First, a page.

IBM Builds A Bridge Between Private And Public Power Clouds
September 21, 2016 Timothy Prickett Morgan
Two years ago, when Big Blue put a stake through the heart of its impartial attitude about the X86 server business, it was also putting a stake in the ground for its Power systems business.
IBM bet that it could make more money selling Power machinery to its existing customer base and while at the same time expanding it out to hyperscalers like Google through the OpenPower Foundation while at the same time gradually building out a companion public cloud offering of Power machinery on its SoftLayer cloud and through partners like Rackspace Hosting. This is a big bet, and not one that will necessarily pay off for the company, but it sure is a lot more interesting than Big Blue selling off the Power server division to Hitachi or Lenovo or someone else.
For that bet to truly pay off, IBM needs to have hybrid infrastructure that is available in private datacenters that looks and feels like that in public clouds. But as Microsoft’s own experience with the Azure Stack private version of the Azure public cloud shows, it is not so easy to scale down a public cloud to even a size that large enterprises can use economically. And the public cloud has a whole new metaphor and interface for computing, which is different from the barely orchestrated server virtualization that still prevails in the enterprise.
Like other platform providers that are trying to bridge the gap between public and private, IBM has to build that bridge from two sides at the same time and somehow get them to meet in the middle. This is a tough feat, but ants can pull it off and IBM, Microsoft, and others who control their platforms should be able to as well, given enough time and patience from customers to see how the Power Systems in the private datacenter will align with OpenPower systems in the cloud.
This week, with a high-end Power8 server lineup that includes machines preconfigured as private clouds and links to Power capacity running on SoftLayer, IBM is taking an important step forward in delivering the true hybrid cloud capability that its enterprise customers crave, helping those customers feel comfortable about staying on Power iron into the future and moving them towards a new way of managing infrastructure at a higher level of abstraction than what they are used to. But don’t be confused. The new Power Systems E-class C models that Big Blue announced at its Edge conference in Las Vegas are not just chips off the Power-based servers that IBM has been adding to the SoftLayer cloud in the past year.
“This is desirable, and we have been out talking to clients for a little over a month now to get feedback from them and to build this offering in an agile way,” Steve Sibley, director of worldwide product management for IBM’s Power Systems line, tells The Next Platform. “This is one of the primary requirements, but customers have not told us that without that, they won’t start. In fact, over 70 percent of the customers that we talked to about this hybrid offering told us it was relevant to them and it would accelerate their move to Power8 systems. But no question, customers do say that they want to move AIX and IBM i to the cloud and back in addition to Linux. Even though the full software stack is not the same – it is PowerVM on Power Systems and PowerKVM on SoftLayer running only Linux – you can move Linux workloads that you develop out on SoftLayer down onto PowerVM in the datacenter. It is all just Linux. But what we see more often is that customers will develop an application out there on Power Linux – maybe connecting back to a DB2 or Oracle database back in the datacenter – and keep it there.”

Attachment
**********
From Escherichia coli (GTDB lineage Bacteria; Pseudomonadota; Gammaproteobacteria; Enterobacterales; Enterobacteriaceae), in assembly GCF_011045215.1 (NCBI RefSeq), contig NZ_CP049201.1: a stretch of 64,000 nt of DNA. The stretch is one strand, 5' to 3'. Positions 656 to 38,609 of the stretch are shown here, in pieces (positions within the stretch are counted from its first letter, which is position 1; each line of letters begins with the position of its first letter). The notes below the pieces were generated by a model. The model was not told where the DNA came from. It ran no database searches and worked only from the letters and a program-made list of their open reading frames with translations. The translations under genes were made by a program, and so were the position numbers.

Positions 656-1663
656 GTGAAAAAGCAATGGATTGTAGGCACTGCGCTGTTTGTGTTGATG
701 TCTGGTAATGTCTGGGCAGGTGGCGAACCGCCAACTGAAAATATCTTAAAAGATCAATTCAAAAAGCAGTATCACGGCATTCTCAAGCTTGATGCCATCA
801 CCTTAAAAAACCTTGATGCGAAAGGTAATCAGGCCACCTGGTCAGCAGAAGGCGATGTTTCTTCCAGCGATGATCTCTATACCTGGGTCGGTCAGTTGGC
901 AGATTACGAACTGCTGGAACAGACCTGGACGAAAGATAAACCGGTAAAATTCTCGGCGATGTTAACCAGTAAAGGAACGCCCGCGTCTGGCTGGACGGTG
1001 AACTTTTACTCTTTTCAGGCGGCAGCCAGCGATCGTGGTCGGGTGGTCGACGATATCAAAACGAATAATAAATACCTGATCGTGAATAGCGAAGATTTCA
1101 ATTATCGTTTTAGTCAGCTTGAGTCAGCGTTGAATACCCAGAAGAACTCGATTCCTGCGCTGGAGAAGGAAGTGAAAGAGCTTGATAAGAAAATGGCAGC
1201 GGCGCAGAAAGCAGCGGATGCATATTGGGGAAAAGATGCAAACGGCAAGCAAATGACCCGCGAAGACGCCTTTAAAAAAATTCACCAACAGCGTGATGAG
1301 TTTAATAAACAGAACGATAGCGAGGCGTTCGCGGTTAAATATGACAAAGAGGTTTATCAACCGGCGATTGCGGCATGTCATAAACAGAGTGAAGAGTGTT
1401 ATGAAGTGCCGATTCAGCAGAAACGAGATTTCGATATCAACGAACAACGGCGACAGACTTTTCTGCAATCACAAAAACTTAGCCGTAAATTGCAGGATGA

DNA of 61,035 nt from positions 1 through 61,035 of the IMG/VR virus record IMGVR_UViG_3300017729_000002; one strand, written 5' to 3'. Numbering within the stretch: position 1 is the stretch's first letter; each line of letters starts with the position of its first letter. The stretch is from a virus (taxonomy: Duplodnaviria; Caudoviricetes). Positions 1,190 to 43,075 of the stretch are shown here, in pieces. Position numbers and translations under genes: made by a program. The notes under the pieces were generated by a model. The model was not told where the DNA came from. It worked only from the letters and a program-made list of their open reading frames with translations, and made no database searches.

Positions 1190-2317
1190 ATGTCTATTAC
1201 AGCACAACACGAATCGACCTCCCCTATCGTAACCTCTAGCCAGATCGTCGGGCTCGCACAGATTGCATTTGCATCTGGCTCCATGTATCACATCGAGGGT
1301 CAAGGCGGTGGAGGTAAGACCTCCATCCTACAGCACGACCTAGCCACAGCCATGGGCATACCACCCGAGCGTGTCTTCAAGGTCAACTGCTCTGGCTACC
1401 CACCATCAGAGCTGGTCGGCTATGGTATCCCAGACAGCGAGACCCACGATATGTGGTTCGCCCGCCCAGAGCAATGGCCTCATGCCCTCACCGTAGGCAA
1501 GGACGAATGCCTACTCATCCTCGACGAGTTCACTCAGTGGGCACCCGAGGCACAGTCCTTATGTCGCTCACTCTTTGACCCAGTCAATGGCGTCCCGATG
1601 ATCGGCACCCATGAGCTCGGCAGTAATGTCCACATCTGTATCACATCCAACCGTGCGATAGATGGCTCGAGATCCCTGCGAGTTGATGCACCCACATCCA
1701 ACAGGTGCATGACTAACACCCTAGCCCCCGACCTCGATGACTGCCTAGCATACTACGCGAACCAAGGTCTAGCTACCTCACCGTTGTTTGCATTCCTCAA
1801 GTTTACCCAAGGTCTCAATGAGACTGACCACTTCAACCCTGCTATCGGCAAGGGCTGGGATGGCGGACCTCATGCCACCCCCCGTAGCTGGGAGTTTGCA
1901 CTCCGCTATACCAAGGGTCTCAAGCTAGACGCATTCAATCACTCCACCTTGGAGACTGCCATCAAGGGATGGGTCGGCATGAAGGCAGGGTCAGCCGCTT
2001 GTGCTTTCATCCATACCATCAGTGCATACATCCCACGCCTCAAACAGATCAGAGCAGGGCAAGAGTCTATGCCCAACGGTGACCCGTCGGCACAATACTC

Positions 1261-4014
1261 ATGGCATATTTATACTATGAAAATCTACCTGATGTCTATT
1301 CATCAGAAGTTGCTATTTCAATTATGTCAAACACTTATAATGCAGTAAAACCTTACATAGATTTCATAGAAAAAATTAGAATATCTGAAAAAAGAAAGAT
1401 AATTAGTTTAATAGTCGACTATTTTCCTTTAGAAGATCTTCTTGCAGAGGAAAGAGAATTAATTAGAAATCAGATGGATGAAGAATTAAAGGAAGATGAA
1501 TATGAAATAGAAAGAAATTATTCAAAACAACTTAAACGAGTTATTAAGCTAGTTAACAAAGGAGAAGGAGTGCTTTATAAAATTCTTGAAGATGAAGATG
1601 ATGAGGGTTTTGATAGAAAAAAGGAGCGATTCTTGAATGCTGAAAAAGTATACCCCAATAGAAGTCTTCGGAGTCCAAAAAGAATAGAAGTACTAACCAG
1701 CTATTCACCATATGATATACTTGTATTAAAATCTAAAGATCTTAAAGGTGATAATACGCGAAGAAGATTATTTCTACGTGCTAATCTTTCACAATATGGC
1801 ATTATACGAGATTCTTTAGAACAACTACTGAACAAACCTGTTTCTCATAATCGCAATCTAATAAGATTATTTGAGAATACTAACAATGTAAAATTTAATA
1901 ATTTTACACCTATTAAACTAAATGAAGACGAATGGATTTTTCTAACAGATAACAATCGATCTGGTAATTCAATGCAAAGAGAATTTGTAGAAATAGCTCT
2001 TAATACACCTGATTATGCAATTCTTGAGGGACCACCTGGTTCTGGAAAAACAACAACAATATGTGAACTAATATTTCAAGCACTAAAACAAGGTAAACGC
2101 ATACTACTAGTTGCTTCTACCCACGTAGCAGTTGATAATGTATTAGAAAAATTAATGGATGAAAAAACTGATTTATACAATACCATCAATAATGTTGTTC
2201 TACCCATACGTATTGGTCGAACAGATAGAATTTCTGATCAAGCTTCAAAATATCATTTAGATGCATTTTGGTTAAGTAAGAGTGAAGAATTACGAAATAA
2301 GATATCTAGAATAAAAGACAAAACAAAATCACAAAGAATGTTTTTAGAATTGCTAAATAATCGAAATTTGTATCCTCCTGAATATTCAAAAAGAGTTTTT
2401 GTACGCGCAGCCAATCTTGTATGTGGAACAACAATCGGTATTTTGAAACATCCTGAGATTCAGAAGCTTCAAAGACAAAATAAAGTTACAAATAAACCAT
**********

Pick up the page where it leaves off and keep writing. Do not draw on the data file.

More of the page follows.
At the moment, IBM’s positioning for Power-based hybrid clouds has customers using midrange and high-end NUMA systems based on the Power8 processors in their own datacenters, which come with elastic capacity that allows customers to processing capacity and memory on a daily basis as well as leases that provide capacity on a monthly basis. The three new cloud machines include the Power E870C and Power E880C, which are based on IBM’s eight-socket and sixteen-socket NUMA boxes called the Power Systems E870 and Power Systems E880. We detailed these two big iron boxes back in May 2015, and IBM enhanced them with larger memory footprints and more powerful Power8 chips in January this year. In October, IBM is expected to offer a Power E850C variant that is based on its four-socket Power8 system, the Power Systems E850, which debuted in May 2015 and which, if history is any guide, will get a memory and processor bump with the Power E850C since these machines were not enhanced back in January.
Under normal circumstances, IBM would have debuted a Power8+ processor this year, perhaps with slightly higher clock speeds and performance and definitely with lower prices. Having not done that – even after saying it would – IBM is using the advent of the C-styled Power machines as a good excuse to cut prices. With the lowering of CPU and memory activation costs on the systems as well as lower prices on Linux, AIX, and IBM i licenses on the C-style systems, the C machines cost somewhere between 10 percent and 20 percent less than the regular Power E850, E870, and E880 systems, says Sibley.
The C at the end of the name of these new systems stands for cloud, obviously, and these boxes come equipped with IBM’s variant of the OpenStack cloud controller, called PowerVC, as well as being supported by the OpenStack implementation that is embedded in Ubuntu Server by Canonical.